By:Kelly Regan, Staff Writer
With the recent report of bed bugs in Sweetland, students may be wondering how serious of a problem this is. Scott Crowell, Associate VP of Student Affairs and Dean of Students, assures students that bed bugs are not a serious health problem and are a common annoyance on campuses across the globe.
SMSU does not use chemicals to treat bed bugs, as they can be harmful to the residents. SMSU’s policy is to call in professionals to perform what is known as heat treatment. The infected room is heated to 170 degrees for 90 minutes. One treatment kills any bed bugs in the room and the room is safe for the student in less than a day. Crowell stated that they have treated roughly six rooms per year for bed bugs. No bed bugs have ever been found anywhere on campus except for the residence halls.
Crowell also stated that bed bugs are not an indication of poor hygiene. Bed bugs are often brought in when a student travels and are commonly found in hotels and resorts across the globe.
They do not pose a serious health threat to residents on campus. While bed bugs can cause itching and small bite marks, according to the CDC, bed bugs are not known to spread diseases. Some people may experience a serious allergic reaction, but they are not considered dangerous.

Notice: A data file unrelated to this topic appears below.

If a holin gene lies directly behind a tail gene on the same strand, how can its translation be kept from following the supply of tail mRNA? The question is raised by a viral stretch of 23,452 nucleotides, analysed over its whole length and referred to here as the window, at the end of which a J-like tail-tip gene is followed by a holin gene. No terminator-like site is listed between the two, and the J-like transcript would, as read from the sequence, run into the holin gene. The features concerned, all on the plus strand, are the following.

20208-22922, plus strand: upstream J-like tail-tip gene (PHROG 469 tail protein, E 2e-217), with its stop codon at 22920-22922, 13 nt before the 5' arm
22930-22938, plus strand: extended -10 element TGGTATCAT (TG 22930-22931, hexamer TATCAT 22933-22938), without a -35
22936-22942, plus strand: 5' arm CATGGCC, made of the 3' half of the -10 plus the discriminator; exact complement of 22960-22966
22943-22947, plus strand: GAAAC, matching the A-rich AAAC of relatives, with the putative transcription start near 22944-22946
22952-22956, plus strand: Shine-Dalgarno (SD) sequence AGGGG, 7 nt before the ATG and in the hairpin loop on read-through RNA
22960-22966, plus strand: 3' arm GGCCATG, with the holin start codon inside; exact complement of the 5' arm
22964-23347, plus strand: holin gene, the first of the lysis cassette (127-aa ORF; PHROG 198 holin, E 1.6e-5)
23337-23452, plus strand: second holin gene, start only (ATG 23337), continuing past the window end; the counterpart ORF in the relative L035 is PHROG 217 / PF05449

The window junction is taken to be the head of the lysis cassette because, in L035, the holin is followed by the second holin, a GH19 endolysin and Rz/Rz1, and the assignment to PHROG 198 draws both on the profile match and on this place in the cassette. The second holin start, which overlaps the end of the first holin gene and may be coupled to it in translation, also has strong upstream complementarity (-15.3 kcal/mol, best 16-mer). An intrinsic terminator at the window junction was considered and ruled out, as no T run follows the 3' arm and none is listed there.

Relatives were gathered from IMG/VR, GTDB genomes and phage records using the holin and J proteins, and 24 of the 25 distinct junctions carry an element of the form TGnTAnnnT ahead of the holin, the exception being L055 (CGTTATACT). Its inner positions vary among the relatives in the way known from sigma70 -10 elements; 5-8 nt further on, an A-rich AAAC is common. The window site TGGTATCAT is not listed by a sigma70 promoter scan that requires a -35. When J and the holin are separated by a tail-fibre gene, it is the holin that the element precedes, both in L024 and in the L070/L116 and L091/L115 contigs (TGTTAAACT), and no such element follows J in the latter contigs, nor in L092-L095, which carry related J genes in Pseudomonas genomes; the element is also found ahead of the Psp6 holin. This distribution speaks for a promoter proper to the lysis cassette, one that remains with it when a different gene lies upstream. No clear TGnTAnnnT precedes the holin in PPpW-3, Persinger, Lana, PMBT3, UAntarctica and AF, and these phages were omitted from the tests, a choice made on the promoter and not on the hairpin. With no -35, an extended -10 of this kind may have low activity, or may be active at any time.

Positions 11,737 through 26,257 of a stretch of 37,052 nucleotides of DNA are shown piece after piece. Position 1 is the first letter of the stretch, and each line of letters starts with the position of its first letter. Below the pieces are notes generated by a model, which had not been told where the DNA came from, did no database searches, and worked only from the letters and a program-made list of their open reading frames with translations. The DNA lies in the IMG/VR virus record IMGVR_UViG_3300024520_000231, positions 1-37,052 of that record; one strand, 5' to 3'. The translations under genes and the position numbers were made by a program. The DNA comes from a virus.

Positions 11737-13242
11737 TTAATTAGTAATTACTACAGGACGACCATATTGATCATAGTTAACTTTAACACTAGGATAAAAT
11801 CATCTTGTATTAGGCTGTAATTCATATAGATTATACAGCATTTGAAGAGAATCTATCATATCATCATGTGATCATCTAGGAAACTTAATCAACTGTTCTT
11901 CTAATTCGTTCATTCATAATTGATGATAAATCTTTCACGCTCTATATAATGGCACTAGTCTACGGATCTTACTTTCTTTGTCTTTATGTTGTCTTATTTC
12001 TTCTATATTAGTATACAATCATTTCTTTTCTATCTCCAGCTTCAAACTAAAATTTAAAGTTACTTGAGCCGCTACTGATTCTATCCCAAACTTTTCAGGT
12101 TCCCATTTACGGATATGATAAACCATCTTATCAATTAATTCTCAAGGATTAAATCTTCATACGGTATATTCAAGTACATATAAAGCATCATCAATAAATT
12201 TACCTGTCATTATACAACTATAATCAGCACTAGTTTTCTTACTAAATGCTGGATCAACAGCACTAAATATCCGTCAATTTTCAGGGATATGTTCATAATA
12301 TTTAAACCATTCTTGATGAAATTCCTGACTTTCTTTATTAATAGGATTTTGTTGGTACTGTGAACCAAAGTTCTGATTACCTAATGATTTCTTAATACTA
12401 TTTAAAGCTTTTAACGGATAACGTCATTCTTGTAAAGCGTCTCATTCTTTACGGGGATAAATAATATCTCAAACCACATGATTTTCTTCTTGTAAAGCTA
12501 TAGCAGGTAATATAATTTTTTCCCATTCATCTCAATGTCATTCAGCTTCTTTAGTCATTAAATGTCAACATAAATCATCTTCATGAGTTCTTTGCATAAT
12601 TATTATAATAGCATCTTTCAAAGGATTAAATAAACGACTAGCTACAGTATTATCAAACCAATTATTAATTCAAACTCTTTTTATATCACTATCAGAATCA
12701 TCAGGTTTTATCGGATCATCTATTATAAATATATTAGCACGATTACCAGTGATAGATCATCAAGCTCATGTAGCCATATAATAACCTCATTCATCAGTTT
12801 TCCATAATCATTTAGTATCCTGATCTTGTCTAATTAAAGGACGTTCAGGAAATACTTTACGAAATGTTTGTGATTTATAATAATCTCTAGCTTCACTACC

Laundering clothing and bedding regularly and keeping floors clean can help prevent bed bugs. Since bed bugs can also be found in backpacks, students should inspect their bags in addition to their rooms regularly. Students should always be aware of the possibility of a bed bug infestation and should report any signs of bed bugs they observe. Students should never try to treat bed bugs on their own or ignore a bed bug infestation. Bed bugs will need to be professionally treated.
Scott Crowell and Residence Life hope students understand that bed bugs aren’t a serious problem and are not an indicator of a person’s hygiene.